Thames Valley Police cuts reduced by third
Thames Valley Police has said it will only need to cut two thirds of the posts it originally expected.
The force initially said it had to cut 819 jobs but revised it to 535 after taking into account inflation and a one-off government grant.
Chief Constable Sara Thornton said it meant 100 officers would be redeployed to the front line.
However, Graham Smith from the police federation said some of the savings were made from reducing police wages.
He added: "£12m over the four years is taken from police officers and police staff wage packets through the Winsor review.
"The less police officers we lose the better. We're a growing population in Oxfordshire and the Thames Valley.
"We should be growing the number of police officers."
The changes were announced as the Thames Valley Police Authority considered its three-year income and expenditure revenue forecasts.
Ms Thornton said the force had slimmed down its management structures and had reduced bureaucracy.
She told the BBC: "We're going to lose less police community support officers and also less civilian case investigators and both of those roles are very much nearer the front line, and I'm relieved we won't have to cut as many as we thought we were going to have to.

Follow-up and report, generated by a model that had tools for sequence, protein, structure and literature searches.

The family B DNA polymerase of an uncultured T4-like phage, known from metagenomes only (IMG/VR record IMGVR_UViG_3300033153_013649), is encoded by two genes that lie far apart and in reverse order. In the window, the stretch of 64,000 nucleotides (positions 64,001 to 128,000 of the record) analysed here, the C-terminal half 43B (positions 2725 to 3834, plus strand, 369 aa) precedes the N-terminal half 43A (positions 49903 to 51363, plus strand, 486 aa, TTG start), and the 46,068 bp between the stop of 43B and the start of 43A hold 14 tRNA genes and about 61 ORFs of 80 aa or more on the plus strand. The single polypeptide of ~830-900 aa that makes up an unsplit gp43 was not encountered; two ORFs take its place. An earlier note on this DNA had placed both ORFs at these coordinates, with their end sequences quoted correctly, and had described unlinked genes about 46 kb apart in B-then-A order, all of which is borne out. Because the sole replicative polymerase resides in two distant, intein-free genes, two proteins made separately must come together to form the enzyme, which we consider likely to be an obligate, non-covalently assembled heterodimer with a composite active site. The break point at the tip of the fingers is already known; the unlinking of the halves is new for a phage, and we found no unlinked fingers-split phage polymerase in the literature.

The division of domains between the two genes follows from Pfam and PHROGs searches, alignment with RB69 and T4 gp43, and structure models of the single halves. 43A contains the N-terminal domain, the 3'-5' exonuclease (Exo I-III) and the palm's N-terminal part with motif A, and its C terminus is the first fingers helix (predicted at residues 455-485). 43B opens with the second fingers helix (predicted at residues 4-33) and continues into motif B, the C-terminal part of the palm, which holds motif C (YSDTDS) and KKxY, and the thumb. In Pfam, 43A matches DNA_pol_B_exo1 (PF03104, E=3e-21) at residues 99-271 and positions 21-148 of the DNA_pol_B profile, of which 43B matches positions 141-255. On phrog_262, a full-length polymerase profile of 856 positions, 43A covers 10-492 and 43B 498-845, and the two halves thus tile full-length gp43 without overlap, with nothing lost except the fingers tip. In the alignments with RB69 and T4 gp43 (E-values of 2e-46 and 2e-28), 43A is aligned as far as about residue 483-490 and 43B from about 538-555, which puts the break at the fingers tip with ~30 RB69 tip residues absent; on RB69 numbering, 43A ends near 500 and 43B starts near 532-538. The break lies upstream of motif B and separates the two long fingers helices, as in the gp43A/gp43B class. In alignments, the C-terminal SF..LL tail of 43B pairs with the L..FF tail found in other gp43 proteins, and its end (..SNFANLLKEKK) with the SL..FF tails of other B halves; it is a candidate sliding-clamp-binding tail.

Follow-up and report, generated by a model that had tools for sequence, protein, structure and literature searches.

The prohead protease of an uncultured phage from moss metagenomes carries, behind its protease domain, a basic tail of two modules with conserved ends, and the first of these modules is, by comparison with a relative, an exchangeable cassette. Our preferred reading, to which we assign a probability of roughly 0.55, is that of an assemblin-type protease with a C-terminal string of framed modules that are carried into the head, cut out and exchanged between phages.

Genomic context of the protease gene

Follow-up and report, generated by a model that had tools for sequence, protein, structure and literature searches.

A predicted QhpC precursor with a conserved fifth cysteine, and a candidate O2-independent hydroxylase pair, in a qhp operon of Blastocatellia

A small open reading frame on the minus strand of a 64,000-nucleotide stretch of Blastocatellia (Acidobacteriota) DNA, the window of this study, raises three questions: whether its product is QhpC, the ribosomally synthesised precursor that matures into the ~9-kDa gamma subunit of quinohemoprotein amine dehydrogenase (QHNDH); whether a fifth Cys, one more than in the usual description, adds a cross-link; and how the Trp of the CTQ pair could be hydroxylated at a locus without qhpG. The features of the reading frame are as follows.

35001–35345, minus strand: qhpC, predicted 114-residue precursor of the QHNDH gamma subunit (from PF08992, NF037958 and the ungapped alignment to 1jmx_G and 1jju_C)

"We're going to have a very busy year next year with the Diamond Jubilee celebrations and the Olympics.
"At the moment crime is coming down. Burglary, robbery and vehicle crime are down 14% so far this year.
"It's looking good, but [with] concerns about anti-social behaviour at one end of the spectrum and concerns of counter-terrorism at the other, we are very stretched."
Khan Juna, chairman of the authority said: "These are challenging times for all the public services, but we are in a strong financial position thanks to the savings generated by the force's productivity strategy.
"Careful management of resources means that a further 100 officers are being redeployed from support roles to the front-line."
The original cuts of 564 police staff and 255 police officers affected Berkshire, Oxfordshire and Buckinghamshire.
These have been revised to 439 and 96, respectively.